Sunday, August 20, 2017

Book Review: Fault Lines

Fault Lines, by Thomas Locke,  although difficult to follow, does in the end provide the justice one seeks against the villains. The book was difficult to read because of the amount of "supposed facts" which made no sense and left me disoriented  for the most of book one. It felt choppy in style, and the characters were not easy to relate to at all. The story itself was basically not believable (unbelievable indicates to me something in a positive manner) whereas this story for the most part just doesn't strike a chord with reality. Possibly the author intended for the book to be beyond reality, but it did not appeal to me. If I had not been wanting to write a review on the book, I would not have finished it. In the end I found book two to be more interesting. I have yet to figure out the need for two book sections. There was only one small reference to fault lines in the book which was not enough for the reader to understand the meaning of the title of the book. This book would not be on my list of recommended reading.

Review age: 75+ -- couldn't finish it
2nd reviewer: 55+--forced herself to finish it
Conclusion: wrong demographic to read this book

Disclosure of Material Connection: I received this book free from Baker Publishing Group as part of their Book Review Blogger Program. I was not required to write a positive review. The opinions I have expressed are my own. I am disclosing this in accordance with the Federal Trade Commission’s 16 CFR, Part 255: “Guides Concerning the Use of Endorsements and Testimonials in Advertising.”

Thursday, August 10, 2017

Book Review: The Darkest Lie

The Darkest Lie by Pintip Dunn is a contemporary YA (not Christian fiction). A friend let me borrow this book from her library because I liked the cover. Yes, I'm petty enough to choose what I read by the cover design. I'm not afraid to admit that. (Authors, be smart about your covers!)

Back copy blurb:
Clothes, jokes, coded messages…Cecilia Brooks and her mom shared everything. At least, CeCe thought they did. Six months ago, her mom killed herself after accusations of having sex with a student, and CeCe’s been the subject of whispers and taunts ever since. Now, at the start of her high school senior year, between dealing with her grieving, distracted father, and the social nightmare that has become her life, CeCe just wants to fly under the radar. Instead, she’s volunteering at the school’s crisis hotline—the same place her mother worked.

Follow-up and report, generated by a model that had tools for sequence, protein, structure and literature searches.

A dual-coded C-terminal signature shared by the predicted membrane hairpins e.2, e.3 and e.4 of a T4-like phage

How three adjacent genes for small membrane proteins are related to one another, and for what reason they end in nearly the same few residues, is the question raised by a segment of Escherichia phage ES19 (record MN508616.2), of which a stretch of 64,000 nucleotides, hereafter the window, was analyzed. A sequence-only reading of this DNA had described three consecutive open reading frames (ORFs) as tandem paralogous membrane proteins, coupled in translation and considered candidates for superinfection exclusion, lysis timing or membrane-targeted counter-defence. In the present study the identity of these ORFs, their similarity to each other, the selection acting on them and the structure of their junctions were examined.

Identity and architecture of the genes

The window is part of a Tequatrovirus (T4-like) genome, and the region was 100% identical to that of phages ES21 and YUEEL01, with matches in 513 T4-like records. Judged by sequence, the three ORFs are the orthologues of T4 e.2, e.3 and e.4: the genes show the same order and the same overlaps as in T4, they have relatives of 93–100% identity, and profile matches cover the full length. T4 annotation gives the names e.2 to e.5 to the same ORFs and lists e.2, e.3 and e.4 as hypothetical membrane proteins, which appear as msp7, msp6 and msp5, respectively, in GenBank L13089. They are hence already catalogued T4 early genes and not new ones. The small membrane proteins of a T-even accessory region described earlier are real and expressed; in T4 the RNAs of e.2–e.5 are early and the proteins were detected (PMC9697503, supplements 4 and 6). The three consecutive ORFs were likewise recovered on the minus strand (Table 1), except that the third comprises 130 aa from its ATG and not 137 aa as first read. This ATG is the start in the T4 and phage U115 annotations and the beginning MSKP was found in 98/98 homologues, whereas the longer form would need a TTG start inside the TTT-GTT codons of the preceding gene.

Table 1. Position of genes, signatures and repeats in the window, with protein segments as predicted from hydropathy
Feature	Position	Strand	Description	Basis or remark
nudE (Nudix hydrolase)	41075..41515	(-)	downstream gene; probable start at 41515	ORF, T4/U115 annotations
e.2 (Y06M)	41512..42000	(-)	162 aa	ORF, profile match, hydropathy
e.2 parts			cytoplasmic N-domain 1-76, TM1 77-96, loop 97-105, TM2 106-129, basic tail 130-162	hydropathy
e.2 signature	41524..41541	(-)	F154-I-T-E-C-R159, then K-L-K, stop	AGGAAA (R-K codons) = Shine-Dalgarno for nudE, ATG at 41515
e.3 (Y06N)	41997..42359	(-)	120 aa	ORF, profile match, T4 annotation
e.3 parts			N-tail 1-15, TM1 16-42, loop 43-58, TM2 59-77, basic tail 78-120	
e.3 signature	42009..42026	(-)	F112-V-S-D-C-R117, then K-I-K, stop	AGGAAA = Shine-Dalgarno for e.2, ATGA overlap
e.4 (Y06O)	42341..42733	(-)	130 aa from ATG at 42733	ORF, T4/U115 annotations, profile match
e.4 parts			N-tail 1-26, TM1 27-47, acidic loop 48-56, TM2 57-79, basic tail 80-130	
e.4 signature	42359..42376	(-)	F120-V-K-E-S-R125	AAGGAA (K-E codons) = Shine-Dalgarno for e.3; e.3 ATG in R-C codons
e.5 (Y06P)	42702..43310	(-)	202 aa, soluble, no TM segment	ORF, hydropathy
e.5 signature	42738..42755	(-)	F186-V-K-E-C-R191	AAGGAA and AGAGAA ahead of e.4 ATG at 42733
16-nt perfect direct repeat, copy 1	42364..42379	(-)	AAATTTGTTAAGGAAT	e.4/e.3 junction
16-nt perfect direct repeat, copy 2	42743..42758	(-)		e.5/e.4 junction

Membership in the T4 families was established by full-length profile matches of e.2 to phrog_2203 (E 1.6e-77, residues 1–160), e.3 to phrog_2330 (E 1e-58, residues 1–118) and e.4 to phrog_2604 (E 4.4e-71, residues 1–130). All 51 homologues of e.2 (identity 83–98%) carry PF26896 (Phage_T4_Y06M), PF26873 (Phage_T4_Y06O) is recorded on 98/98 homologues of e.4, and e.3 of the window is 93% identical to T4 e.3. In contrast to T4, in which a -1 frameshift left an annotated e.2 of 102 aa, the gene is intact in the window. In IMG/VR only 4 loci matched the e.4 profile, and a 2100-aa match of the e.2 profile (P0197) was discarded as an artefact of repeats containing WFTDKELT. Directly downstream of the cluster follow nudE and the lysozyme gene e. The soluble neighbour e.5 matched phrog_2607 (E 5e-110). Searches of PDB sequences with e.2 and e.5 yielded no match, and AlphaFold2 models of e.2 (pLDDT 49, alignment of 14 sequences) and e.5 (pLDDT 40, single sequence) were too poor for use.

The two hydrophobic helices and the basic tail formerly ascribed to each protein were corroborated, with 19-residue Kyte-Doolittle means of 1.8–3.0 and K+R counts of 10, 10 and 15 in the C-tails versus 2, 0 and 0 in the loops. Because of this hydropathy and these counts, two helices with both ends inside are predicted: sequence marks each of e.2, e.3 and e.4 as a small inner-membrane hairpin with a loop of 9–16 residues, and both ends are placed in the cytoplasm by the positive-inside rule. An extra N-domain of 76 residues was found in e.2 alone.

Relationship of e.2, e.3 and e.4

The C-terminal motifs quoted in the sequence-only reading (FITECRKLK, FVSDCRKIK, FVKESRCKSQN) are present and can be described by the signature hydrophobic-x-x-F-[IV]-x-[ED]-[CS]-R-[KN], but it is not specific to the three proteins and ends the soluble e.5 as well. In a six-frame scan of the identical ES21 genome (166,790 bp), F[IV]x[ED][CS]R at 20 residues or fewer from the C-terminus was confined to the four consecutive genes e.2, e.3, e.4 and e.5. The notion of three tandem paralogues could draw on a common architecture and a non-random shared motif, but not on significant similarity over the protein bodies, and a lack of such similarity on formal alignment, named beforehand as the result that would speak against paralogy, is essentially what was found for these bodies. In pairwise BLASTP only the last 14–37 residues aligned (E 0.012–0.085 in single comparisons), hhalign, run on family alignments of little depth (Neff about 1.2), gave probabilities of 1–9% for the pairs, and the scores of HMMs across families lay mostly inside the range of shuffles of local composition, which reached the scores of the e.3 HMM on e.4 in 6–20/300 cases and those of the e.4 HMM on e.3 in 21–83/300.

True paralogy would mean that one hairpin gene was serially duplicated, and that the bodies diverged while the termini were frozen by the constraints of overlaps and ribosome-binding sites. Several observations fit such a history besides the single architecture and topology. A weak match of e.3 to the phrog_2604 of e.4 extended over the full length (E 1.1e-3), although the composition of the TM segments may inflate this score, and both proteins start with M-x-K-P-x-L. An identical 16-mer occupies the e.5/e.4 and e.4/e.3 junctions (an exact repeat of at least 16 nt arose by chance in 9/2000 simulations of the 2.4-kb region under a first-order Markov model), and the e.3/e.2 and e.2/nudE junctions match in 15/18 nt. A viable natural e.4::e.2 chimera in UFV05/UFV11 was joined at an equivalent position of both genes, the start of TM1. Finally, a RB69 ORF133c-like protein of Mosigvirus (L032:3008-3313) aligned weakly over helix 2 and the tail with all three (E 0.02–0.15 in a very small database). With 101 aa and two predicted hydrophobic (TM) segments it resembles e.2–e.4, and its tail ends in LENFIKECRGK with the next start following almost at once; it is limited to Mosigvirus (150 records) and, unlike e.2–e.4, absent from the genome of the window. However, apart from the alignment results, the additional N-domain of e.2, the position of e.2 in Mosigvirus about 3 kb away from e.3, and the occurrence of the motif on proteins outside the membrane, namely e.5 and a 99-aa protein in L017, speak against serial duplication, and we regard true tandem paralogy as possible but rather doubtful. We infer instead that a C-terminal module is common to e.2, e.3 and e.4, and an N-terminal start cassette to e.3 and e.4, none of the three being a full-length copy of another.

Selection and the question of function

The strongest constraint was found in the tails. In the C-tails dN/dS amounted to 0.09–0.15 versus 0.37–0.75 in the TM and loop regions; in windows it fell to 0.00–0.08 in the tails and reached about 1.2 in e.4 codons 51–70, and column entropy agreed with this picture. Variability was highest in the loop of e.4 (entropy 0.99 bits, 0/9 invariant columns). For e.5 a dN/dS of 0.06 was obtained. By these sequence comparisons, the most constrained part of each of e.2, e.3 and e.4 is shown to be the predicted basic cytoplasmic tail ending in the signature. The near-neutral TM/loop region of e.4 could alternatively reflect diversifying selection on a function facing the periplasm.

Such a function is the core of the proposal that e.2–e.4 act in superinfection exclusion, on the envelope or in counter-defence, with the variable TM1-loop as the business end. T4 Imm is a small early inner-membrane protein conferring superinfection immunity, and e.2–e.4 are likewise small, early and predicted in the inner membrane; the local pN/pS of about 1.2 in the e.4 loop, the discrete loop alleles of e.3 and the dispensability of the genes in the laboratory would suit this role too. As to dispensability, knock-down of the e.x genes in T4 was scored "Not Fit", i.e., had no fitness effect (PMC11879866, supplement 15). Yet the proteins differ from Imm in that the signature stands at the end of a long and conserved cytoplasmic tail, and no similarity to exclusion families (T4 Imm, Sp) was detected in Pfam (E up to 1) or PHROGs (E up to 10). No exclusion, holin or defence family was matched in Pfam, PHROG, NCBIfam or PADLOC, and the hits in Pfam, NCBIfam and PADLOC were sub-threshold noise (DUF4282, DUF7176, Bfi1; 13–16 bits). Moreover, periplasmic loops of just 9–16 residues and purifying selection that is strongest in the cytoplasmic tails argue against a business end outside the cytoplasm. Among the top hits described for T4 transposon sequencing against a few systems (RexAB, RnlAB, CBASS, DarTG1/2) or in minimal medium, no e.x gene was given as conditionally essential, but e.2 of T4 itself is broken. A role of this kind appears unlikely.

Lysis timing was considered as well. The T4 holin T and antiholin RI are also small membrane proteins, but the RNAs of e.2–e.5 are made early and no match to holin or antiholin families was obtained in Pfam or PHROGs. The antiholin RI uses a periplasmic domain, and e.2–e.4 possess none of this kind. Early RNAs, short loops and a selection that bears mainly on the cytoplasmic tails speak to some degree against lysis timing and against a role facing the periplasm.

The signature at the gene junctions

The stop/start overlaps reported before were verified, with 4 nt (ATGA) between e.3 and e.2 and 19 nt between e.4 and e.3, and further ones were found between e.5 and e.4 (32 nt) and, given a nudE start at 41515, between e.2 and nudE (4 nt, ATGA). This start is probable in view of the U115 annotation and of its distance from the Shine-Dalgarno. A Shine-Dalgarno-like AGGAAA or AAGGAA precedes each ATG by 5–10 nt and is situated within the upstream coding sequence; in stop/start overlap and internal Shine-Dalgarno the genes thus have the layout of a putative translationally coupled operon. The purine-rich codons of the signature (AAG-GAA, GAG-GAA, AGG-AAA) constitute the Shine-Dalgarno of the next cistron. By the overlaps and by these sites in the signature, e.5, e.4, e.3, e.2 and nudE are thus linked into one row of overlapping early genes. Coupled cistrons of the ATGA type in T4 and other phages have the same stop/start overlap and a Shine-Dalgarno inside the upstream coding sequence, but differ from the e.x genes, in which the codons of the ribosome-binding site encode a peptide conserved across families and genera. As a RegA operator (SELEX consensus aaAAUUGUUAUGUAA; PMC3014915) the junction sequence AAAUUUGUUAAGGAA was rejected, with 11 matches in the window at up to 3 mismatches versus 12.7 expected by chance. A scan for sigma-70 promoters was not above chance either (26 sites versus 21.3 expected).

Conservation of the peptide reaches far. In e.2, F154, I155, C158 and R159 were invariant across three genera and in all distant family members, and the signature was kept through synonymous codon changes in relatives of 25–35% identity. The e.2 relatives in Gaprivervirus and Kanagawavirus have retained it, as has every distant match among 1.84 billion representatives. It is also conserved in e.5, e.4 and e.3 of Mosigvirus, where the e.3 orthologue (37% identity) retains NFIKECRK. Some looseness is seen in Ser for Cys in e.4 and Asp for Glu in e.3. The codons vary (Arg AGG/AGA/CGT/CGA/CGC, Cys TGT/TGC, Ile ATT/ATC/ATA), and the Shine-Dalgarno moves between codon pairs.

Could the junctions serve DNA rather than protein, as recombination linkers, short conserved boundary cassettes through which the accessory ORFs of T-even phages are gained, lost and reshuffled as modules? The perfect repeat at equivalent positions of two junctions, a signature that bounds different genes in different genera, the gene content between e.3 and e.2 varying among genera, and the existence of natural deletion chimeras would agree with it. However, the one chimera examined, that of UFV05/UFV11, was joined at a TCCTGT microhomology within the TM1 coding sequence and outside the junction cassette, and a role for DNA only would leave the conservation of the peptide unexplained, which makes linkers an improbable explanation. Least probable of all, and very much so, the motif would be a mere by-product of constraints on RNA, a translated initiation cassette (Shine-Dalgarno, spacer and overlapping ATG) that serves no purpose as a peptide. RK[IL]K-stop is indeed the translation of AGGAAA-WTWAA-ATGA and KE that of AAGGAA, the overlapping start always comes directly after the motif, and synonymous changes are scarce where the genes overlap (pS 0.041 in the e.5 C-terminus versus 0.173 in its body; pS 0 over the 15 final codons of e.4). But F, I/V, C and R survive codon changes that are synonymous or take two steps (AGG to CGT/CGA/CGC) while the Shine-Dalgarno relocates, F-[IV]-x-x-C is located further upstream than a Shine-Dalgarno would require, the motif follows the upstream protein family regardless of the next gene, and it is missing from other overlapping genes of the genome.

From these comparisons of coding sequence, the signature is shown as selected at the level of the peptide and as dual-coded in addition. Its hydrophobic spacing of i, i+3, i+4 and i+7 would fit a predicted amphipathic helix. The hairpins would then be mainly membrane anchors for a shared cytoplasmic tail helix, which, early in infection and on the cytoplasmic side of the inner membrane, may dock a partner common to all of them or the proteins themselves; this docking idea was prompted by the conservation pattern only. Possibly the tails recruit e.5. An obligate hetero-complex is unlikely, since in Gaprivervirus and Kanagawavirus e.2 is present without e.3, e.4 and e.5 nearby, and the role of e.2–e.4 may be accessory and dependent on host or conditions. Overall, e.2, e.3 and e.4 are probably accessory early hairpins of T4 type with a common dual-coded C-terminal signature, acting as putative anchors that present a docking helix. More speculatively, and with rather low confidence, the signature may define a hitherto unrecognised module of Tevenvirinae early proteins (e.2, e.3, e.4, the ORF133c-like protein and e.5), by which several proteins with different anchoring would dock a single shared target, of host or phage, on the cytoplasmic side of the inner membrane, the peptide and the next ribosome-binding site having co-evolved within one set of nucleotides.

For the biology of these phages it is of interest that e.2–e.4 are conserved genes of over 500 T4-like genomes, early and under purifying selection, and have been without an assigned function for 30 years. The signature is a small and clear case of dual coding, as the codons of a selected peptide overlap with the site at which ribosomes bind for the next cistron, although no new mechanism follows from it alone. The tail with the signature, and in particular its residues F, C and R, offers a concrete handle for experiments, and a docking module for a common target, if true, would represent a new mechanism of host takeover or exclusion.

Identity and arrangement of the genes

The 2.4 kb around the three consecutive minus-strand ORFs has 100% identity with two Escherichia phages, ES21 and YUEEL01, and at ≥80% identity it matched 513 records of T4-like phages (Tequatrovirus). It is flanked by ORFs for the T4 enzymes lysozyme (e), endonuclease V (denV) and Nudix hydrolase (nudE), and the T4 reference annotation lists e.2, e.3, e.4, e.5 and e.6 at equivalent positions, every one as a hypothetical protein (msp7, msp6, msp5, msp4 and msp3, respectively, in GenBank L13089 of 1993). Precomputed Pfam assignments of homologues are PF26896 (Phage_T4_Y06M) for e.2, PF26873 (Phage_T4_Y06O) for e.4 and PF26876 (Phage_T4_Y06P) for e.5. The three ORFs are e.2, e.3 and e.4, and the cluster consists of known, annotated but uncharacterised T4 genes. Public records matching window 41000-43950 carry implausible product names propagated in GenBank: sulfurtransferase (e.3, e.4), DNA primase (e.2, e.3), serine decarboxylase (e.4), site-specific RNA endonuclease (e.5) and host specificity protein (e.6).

As she counsels troubled strangers, CeCe’s lingering suspicions about her mom’s death resurface. With the help of Sam, a new student and newspaper intern, she starts to piece together fragmented clues that point to a twisted secret at the heart of her community. Soon, finding the truth isn’t just a matter of restoring her mother’s reputation, it’s about saving lives—including CeCe’s own…

Disclosures: There is language, sexual references, and mentioned sexual abuse in this book. Not sex, just references to sexual acts within the context of abuse and crude humor because it is (unfortunately) the world that teens live in these days. The crude humor, sexual references, and abuse are very clearly not approved of by the author, but they are present to represent a realistic world. I'm a firm believer in reading with discernment. You can disagree with me and we can still be friends.

With that out of the way, I have to say I enjoyed this book. It is face-paced and right at the teen level in how they talk, think, and act. Pintip Dunn keeps you guessing until the end. It is heart-breaking and insightful into the lives and thoughts of those who are being abused.

The hero is not a typical jock heartthrob. He's a "nerd" type who has his own family troubles. The family units in the book all have their own particular brand of issues, covering a spectrum that most people can relate with or understand on a certain level.

I thought the heroine's journey was well done. I appreciated her relationship with her parents. There is a depth of relationship encouraged between teen and the parent which is something that culture doesn't often put in a positive light.

The story moved at a good pace and I was excited to get back to the characters when I had to take a break. I recommend the parent read this before the teen reads it as it has mature content in it. This would give you a discussion point with your teen about how to handle abuse whether it is to recognize it in friends or family or potentially spotting and avoiding someone who wants to exploit you under the guise of "love."

The encouragement to pursue the truth and not believe everything you're told is a good moral to this story.

The reviewer's age: 18-30 years old

Tuesday, July 18, 2017

Book Review: The Captain's Daughter

I was delighted to read the new release of Jennifer Delamere, The Captain's Daughter which is the first book in her London Beginnings series. The cover "sets the stage" (pardon the pun) for our entrance into London and the title is reminiscent of Alexander Pushkin's The Captain's Daughter.

This delightful book is set in London in the late 19th century. (Read: historical romance) It takes place in the theatre of the day. Historical elements touch on Gilbert and Sullivan who took the theatre world by storm at that time and George Muller's orphanages. Everyone loves a good story that includes emotional elements. And who doesn't love love? So in addition for feeling for the characters, the reader also gets to learn about history. The time was well-researched and the setting authentic. The story's most encouraging part is that though bad things happen to people, they are not defeated. And sometimes we find that the places we long to escape the most will actually bring the most healing.